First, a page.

May 2017

Too Fast

Author: Becca Edwards

You’re pregnant. You blink. Your baby is not a baby anymore. Suddenly, she’s learning to ride a bike and reading books on her own. You blink again. Now she’s auditioning humor, needs a training bra, and you find a note in her backpack professing her love for a boy in her math class, and you think quietly to yourself, “Not this one. He’s all wrong for her!” before shoving it back in the canvas abyss of folders and books. And before you blink once more, you know with “mom-tuition” that soon she is going to be applying to college and has told you at least once or twice that she hates you. Welcome to motherhood: a warp speed series of events that leaves you feeling exhausted and exuberant at the same time and working through a technicolor kaleidoscope of emotions and challenges.

I speak from experience. My oldest daughter Ransom turns 10 this May. Ten. That’s double digits. To her, this is “so cool.” To me, it’s terrifying. I would like to say I remember her baby days like it was yesterday, but that would mean I actually remember anything. As a mother of three, I barely remember my own name sometimes, and don’t ask me what movie I saw last week—that information has simply been wiped from my brain as a defense mechanism to make mental retention room for star charts, to do and grocery lists, practice schedules, after-school activities, and playdates.

I do, however, remember people saying to me during those early days of poopie diapers, wardrobe malfunctioning breastfeeding tank tops and sleepless nights, “It goes by too fast.” At the time, I thought, “Yeah, well, not fast enough.” When Ransom was learning to eat solids, I wished she would hold her own spoon. When she moved to a big girl bed, I wished she would not need pull ups anymore and would go to sleep minus the 45-minute ritual of bath time and Good Night Moon. When she started to draw and write letters and numbers, I wished she would not do it on the walls and in my favorite sketchbook.

And now I wish I had not wished all that time away, because it truly does go by too fast. Crazy, awesome, scary, messy, life-fulfilling fast. Every year Santa gives my husband Lee a photo album book of the year prior in his stocking. Juxtaposed to the frantic ripping of bows, paper and cardboard, we each take turns carefully thumbing through the pages of this album. This has become a bittersweet symphony tradition for me because it is a catalogued reminder/documentation of just how fast, fast can be. Haircuts, hairdos, missing teeth, new teeth, family trips, family get-togethers, pet bloopers, milestones, Christmas pajamas, Easter dresses, birthday parties, epic meals, the obligatory kids’ concerts—these are what fill the pages of this album and have increasingly so created an empty feeling in my gut.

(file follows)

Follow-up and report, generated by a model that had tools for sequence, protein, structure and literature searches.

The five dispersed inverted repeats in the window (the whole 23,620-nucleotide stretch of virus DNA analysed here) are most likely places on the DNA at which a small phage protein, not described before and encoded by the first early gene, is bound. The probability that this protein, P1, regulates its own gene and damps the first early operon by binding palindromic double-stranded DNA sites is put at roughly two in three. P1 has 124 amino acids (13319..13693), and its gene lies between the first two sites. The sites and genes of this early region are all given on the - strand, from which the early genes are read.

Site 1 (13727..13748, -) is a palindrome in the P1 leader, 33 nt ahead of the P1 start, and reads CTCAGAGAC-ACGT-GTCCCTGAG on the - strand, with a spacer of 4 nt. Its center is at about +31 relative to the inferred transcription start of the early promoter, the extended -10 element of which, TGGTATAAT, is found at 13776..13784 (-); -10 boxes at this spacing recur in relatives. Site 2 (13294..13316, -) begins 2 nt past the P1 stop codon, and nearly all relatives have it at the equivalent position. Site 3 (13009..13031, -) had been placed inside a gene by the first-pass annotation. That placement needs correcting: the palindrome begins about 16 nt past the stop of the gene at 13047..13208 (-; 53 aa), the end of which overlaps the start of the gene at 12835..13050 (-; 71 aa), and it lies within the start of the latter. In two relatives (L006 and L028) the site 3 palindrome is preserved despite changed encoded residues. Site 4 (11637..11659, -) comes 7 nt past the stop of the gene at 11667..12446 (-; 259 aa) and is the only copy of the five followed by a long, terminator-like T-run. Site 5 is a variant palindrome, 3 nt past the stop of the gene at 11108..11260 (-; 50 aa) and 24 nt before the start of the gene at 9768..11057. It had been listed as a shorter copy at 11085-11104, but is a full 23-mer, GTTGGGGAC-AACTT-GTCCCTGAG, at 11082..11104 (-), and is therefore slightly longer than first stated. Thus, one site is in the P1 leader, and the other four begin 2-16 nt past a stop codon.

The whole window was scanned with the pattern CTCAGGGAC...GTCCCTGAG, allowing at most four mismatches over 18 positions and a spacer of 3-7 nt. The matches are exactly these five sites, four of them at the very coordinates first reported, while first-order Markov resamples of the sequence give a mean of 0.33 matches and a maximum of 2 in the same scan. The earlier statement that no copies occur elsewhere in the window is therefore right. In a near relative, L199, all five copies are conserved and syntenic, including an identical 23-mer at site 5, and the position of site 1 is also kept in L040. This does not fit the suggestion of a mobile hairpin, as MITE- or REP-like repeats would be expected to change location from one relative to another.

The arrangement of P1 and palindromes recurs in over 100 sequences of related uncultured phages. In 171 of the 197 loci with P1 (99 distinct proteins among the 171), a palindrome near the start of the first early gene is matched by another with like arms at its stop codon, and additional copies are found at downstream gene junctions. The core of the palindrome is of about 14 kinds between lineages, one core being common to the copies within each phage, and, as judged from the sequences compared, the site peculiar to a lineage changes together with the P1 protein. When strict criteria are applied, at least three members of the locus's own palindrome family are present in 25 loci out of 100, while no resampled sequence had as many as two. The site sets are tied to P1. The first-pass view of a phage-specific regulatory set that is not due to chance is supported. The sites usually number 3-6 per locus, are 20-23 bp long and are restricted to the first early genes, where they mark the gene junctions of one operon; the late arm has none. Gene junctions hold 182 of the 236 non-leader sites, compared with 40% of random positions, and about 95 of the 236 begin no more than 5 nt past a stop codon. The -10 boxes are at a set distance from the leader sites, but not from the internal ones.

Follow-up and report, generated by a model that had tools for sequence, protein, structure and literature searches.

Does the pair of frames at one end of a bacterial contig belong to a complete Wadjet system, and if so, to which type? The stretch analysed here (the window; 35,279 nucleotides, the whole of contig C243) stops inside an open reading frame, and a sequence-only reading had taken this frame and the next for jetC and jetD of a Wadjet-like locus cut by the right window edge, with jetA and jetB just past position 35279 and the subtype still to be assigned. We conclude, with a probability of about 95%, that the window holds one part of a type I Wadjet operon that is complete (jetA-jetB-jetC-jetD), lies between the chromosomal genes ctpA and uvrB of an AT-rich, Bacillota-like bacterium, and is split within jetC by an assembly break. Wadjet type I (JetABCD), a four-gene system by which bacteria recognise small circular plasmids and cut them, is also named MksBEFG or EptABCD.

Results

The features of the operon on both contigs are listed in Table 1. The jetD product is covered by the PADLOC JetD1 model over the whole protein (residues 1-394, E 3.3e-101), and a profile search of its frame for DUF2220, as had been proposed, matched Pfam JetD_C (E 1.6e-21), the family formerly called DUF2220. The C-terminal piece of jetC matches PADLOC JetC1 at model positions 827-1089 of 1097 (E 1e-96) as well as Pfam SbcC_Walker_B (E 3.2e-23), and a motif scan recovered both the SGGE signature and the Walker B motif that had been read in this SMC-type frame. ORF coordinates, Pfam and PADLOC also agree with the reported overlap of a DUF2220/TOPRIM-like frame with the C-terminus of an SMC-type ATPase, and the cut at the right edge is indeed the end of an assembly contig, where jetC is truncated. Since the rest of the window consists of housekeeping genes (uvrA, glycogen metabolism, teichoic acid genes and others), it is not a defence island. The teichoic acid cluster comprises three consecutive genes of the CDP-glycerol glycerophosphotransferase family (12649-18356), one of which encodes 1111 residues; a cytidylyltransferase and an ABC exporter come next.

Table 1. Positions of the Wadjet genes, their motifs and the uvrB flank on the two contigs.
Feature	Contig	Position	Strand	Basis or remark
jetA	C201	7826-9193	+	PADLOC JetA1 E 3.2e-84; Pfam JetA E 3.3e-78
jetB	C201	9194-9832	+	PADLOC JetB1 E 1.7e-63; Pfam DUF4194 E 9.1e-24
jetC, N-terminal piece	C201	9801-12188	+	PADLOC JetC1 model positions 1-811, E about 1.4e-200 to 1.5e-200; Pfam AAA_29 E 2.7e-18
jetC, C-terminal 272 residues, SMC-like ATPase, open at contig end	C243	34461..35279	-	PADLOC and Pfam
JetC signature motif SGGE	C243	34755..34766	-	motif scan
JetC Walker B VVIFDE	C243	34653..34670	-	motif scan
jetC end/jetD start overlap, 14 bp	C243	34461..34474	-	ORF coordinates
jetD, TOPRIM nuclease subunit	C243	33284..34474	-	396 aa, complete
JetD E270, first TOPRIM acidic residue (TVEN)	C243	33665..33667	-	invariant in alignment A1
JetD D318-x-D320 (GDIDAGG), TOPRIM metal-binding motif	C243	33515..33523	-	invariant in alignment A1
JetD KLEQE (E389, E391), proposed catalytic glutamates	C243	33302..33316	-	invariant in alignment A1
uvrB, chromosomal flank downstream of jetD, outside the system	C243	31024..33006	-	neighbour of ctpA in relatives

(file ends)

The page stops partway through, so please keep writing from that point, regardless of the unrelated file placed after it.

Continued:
That emptiness is generated by an awareness that every minute counts and the introspective question, “Am I savoring every second?”

As moms, we get torpedoed: “Mom, I think I have lice.”—Zing! “Mom, so and so said I wasn’t their friend.”—Pow, pow. “Mom, I’m going to be sick.”—Kablonk. Because of this constant crossfire, it can be difficult to not only respond to the question, “Am I savoring every second?” with a legitimate answer, but also impossible to achieve the hoped for response. Any member of mom club should know its bylaws, the first of which is: “Just do your best and forget the rest,” and membership motto: “We’re only human, despite our superhuman hearts.” But, even still, time carries a weight, and we can’t help feeling mom guilt or even what I call “mommy doldrums.”

Or can we?

Dr. Debi Lynes, LPC, believes we can. And better yet, we should. “The most difficult part of being a parent as kids get older is to allow situations to unfold and not try to fix them,” Lynes said. “Every situation a child encounters is a teaching opportunity as a parent and a child.

Raising a child is a parallel process. Both parents and children learn as they go.”

Lynes proceeded to list five key action points to what she calls “positive parenting”:
• Actively listen.
• Manage your own expectations.
• Help guide a child to a solution rather than giving him/her a solution.
• Role play.
• Ask questions. “The greatest gift a parent can give a child is asking questions. ‘What would you do?’ ‘How would you handle it?’ These questions lay the foundation for critical thinking.”

Regarding pivotal moments, she also said, “Don’t be afraid to blink. Like the blink. Mindfulness means being in the moment no matter where you are.” And though I understood, appreciated and agreed with this sage advice, I still found myself searching for some closure on the topic of “it goes by too fast.” I still felt a conflict with time. It was as if time was still a dark cloud hovering over my otherwise bright and sunny day. And so I did what every child does when he/she feels unsettled and needs to be consoled. I called my mother. Our conversation went as follows:

“Hey Mom, I’m writing an article about how fast kids grow up.”
“Yes, it’s true, sweetie. They do.”
“Well, how do I get okay with it happening so fast?”
“You’re never going to be okay with anything. You’re a parent. You will always question yourself.”
“But, how can I stop time?”
“You can’t stop time.”
“Mom, you’re not helping.”
“I’ve got contractors here, so I have to go in a minute.”
“So, super not helping now.”

“Becca, there is a cycle to life. You have children. You raise them. Your children have children. You watch them raise them. This cycle continues. This is life. This is time. Enjoy it.” 

Becca Edwards is a wellness professional, freelance writer and owner of b.e.WELL+b.e.CREATIVE (

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